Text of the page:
Just remember to not listen to the fanatical extremes of either side of the issue. Biodiesel is *not* perfect and is *not* the solution to the world's energy problems. However biodiesel *is* a net energy gain, and we *can* use way way more biodiesel without disrupting any food supply and biodiesel is *much* better than petroleum diesel in every way.
Biofuels will never displace all of our petroleum use. But they are a step in the right direction.
August 19, 2006 11:52 AM
Paul Edgar Says:
What PDX-Biodiesel has to say has a lot of oommon sense to it. Biodiesel is reasonable and in our market driven world and it is more then a fit in Oregon.
August 19, 2006 1:57 PM
Yea, for sports cars and high end performance vehicles, we'll probably need very high grade biodiesel for them to operate properly... and get all thsoe filter issues finally laid to rest, as they can (and do) destroy the fuel pumps in vehicles if you aren't vigilant in replacing the filters.
I heard that Audi is now racing diesel race cars:
Considering that approx 50% of European passenger cars are now diesel - even Ford makes diesel hatchbacks Ford Focus in Europe.
Here's a few interesting links regarding diesels I just bumped across:
Very interesting alt fuels blog site:
ie mini diesel passenger cars: http://jcwinnie.biz/wordpress/?p=990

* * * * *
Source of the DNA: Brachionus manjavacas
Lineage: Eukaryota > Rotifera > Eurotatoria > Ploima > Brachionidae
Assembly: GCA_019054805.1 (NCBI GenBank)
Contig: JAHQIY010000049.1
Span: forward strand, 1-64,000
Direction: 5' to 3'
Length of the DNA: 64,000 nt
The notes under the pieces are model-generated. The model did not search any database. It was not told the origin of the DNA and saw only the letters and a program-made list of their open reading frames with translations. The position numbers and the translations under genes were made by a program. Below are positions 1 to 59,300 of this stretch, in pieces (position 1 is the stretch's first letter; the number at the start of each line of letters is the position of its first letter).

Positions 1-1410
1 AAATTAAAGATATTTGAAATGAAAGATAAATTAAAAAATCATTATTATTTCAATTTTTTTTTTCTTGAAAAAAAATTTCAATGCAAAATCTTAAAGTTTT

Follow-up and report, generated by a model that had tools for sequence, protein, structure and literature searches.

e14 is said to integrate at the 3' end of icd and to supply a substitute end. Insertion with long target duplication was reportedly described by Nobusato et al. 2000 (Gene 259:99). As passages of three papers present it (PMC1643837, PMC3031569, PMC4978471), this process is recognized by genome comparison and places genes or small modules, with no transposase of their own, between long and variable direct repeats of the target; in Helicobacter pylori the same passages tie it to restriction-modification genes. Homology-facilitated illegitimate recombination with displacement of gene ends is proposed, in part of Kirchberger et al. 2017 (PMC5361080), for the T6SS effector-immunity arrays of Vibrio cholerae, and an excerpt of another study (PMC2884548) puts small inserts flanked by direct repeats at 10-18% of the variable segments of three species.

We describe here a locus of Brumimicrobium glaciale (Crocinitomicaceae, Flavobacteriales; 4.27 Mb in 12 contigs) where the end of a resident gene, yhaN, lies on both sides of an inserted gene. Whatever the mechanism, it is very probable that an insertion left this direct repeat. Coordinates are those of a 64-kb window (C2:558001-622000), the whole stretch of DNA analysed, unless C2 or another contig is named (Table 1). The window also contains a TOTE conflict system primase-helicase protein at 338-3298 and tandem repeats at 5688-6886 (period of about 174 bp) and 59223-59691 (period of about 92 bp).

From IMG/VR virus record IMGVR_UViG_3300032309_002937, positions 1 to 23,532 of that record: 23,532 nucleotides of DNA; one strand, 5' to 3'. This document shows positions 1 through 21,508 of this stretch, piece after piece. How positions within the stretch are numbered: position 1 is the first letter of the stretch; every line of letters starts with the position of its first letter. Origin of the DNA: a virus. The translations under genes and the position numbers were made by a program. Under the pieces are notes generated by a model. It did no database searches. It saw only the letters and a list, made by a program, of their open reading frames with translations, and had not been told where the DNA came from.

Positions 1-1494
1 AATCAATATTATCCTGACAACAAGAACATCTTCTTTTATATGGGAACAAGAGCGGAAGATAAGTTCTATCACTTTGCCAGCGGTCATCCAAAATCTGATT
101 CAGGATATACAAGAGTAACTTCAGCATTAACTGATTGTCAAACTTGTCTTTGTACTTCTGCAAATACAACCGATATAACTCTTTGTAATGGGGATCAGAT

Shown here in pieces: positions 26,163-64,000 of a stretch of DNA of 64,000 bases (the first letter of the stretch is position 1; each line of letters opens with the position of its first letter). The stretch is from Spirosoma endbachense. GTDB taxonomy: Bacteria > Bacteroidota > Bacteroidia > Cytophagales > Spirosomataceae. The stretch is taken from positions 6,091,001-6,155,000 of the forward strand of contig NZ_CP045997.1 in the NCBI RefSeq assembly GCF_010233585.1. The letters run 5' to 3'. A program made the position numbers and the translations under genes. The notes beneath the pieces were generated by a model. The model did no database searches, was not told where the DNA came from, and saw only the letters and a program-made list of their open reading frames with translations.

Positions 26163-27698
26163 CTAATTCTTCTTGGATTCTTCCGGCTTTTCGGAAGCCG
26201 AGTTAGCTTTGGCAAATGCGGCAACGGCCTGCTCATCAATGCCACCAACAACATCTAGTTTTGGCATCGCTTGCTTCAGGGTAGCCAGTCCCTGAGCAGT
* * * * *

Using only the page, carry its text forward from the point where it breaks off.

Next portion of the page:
August 19, 2006 2:03 PM
Another nice thing with Biodiesel is that its not toxic and inflammable - its a pretty inert substance unless (like diesel) its subjected to very high heat/pressure. For storage/transportation of it, thats great news - much safer for people and the environment.
Apparently, it is possible to even survive drinking the stuff - though it will flush your system like a bad episode of prune juice. XP
August 19, 2006 2:59 PM
"Currently the retail price of 100% Biodiesel is within 10 to 15 cents of petroleum diesel."
Is that with or without the subsidies the Feds & States keep tossing around? I ask seriously - not trying to be a smart ass or anything.
I wonder because I'd seriously hate for the Feds/State to attempt to ween us from regular Petro by subsidizing alternative fuels like Biodiesal... it's just one step closer to thowing in some whacky imbalance that regular people will have to make up for just like when the built the interstates, cut up AT&T, and all those other interventions.
The market tends to be far wiser than congress (& general politicians all over) and in the end always has to make up for their manipulations and inadequacy.
August 19, 2006 3:00 PM
"Apparently, it is possible to even survive drinking the stuff - though it will flush your system like a bad episode of prune juice. XP"
Sounds like a serious night of drinking. hmmmm, it's not the same stuff is it? :o
August 19, 2006 9:35 PM
Well, its basically vegetable oil sans the glycerin...
And Adron, don't forget that oil companies get massive subsidies to them, in the form of federally funded oil wars, extremely cheap oil/mineral extraction land rights, etc.
August 21, 2006 4:02 PM
The price is with tax credits given to blenders, so yes - with subsidies.
However, it is worth noting, that petroleum fuels are highly subsidized. The largest petroleum companies this recent budget cycle were given billions of dollars in tax credits, and our government pays for (and protects) pipelines and shipping lines.
So there really is no way around subsidies in some form - they are a part of life.
Sad but true. (Although subsidies can be a good thing if applied correctly - its just that doesn't often happen I would imagine).